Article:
Extending Python virtualenv with Bootstrap Scripts
extending a python virtual environment immediately after the virtual environment has been created. The virtualenv documentation refers to this as bootstrapping. For those who are hands-on, I’ve included a link to a zip file containing the scripts described in this post.
Most typically “bootstrapping” would be used when describing running a Python application within a virtual environment. As an example this might entail:
- creating a virtual environment my_app
- installing the modules boto and mysql-connector-python
- running my_app.py after modules have been installed
- Using a shell script to create and then customize the virtual environment. For the impatient: my_app_bootstrap.sh
- Using a virtualenv “Bootstrap Scripts” that runs “after_install” once an environment has been created. For the impatient: my_app_bootstrap.py my_app
Shell Script Bootstrapping:
To test the shell script method of bootstrapping I created a simple shell script that does the following:
- creates a virtual environment named my_app
- activates the my_app virtual environment
- installs additional modules in my_app using pip
- runs my_app.py
The authors of virtualenv have provided a means of bootstrapping virtual environments through the creation custom virtualenv “bootstrap scripts” and the injection of three functions into these scripts. The three functions are listed below:
Customizing a virtual environment required only that I utilize the “after_install” function – after_install met my need of installing modules after the virtual environment has been created. I wanted to experiment with bootstrap scripts and after_install further, so I devised two tests.
Test 1: Creation of a Default Bootstrap Script (no after_install)
Test one was to simply create a default virtualenv bootstrap script using the virtualenv function “create_bootstrap_script.” I did this utilizing a script called create_default_bootstrap.py. The resulting bootstrap script (named basic_bootstrap_script.py) is nearly the same as virtualenv.py. I diff’ed both basic_bootstrap_script.py and virtualenv.py – there are no meaningful differences.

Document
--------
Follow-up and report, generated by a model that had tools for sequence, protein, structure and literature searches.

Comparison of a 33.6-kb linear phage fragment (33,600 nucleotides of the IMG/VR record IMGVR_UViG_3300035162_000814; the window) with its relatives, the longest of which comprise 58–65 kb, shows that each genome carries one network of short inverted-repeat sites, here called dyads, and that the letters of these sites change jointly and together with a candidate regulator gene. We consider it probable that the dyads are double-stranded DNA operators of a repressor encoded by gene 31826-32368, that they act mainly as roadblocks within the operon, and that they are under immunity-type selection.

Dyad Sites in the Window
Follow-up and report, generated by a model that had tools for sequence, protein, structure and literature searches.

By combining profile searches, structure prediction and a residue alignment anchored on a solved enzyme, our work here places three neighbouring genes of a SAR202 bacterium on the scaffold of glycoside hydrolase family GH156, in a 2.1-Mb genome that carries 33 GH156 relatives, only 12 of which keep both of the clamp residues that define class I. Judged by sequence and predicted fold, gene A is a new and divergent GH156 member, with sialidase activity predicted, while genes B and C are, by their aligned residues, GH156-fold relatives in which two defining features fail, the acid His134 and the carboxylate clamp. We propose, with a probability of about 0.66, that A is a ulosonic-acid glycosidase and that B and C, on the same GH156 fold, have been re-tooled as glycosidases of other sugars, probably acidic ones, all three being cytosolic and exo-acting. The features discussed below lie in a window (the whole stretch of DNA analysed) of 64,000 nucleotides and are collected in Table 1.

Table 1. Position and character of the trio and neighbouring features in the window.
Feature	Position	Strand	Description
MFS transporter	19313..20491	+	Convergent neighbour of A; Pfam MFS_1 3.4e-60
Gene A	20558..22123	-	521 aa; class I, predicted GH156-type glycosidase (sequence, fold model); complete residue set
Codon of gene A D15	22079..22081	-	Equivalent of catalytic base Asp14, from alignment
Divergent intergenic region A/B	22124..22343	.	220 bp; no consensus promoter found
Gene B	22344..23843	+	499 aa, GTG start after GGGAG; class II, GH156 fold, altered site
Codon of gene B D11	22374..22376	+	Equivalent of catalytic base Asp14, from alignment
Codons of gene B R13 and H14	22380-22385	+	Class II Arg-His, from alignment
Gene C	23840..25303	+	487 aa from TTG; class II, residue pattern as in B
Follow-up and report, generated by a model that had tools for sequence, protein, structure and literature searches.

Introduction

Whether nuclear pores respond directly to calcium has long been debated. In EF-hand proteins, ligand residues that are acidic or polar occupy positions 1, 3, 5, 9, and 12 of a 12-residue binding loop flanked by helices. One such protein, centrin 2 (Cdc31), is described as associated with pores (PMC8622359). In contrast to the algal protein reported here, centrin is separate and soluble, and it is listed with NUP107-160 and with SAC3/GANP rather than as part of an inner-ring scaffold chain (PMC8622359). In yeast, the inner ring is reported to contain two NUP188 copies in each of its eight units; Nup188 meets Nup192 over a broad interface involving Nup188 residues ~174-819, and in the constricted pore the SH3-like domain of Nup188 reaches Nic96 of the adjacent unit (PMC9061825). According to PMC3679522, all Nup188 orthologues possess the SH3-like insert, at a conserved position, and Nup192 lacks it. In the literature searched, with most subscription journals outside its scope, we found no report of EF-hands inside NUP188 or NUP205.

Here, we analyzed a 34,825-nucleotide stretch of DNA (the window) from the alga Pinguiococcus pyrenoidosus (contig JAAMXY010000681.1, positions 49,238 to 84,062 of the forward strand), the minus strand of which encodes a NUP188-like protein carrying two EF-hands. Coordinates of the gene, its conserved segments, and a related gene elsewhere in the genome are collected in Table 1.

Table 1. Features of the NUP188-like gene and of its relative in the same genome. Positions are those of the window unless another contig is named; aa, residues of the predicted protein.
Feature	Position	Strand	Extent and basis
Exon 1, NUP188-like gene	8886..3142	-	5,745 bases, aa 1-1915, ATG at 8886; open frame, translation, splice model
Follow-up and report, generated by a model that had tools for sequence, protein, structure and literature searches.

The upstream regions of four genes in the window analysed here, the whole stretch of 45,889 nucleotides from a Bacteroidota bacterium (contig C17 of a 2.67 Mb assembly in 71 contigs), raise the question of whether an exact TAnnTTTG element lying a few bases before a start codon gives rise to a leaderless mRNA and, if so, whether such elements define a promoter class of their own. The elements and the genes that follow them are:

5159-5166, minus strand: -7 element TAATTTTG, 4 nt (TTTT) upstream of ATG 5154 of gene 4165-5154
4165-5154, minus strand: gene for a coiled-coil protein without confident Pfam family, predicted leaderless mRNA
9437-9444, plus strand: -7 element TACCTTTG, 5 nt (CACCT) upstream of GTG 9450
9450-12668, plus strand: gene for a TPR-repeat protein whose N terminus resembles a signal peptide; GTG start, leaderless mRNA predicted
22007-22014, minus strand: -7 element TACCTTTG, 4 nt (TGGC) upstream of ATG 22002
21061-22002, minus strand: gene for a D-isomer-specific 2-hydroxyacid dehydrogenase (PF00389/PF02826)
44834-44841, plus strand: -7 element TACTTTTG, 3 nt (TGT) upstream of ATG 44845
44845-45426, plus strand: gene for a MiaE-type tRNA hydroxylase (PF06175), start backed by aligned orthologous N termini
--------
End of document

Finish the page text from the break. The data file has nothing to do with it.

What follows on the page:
Test 2: Creation of a Custom Bootstrap Script (using after_install)
Test two had one objective:
- customize the newly created my_app virtual environment by adding python modules after install.
Having worked with virtualenv bootstrap scripts before and been frustrated with “including a script in a script”, I added additional objectives:
- provide the ability to create and update the after_install script and then inject it into the bootstrap file
- provide output to standard out notifying the user that after_install had been called
My solution was to create a script (named: create_my_app_bootstrap.py) that did the following:
- read an after_install script – by default this is my_app_after_install.py
- insert this into the default virtualenv bootstrap script as an after_install function
- write out the resulting bootstrap file as my_app_bootstrap.py
create_my_app_bootstrap.py’s function is described in the diagram below:
- Either shell script or after_install method of bootstrapping worked equally well.
- The shell script method is easier to learn and troubleshoot.
- Those implementing virtualenv functionality may wish to look at http://docs.python.org/3/library/venv.html.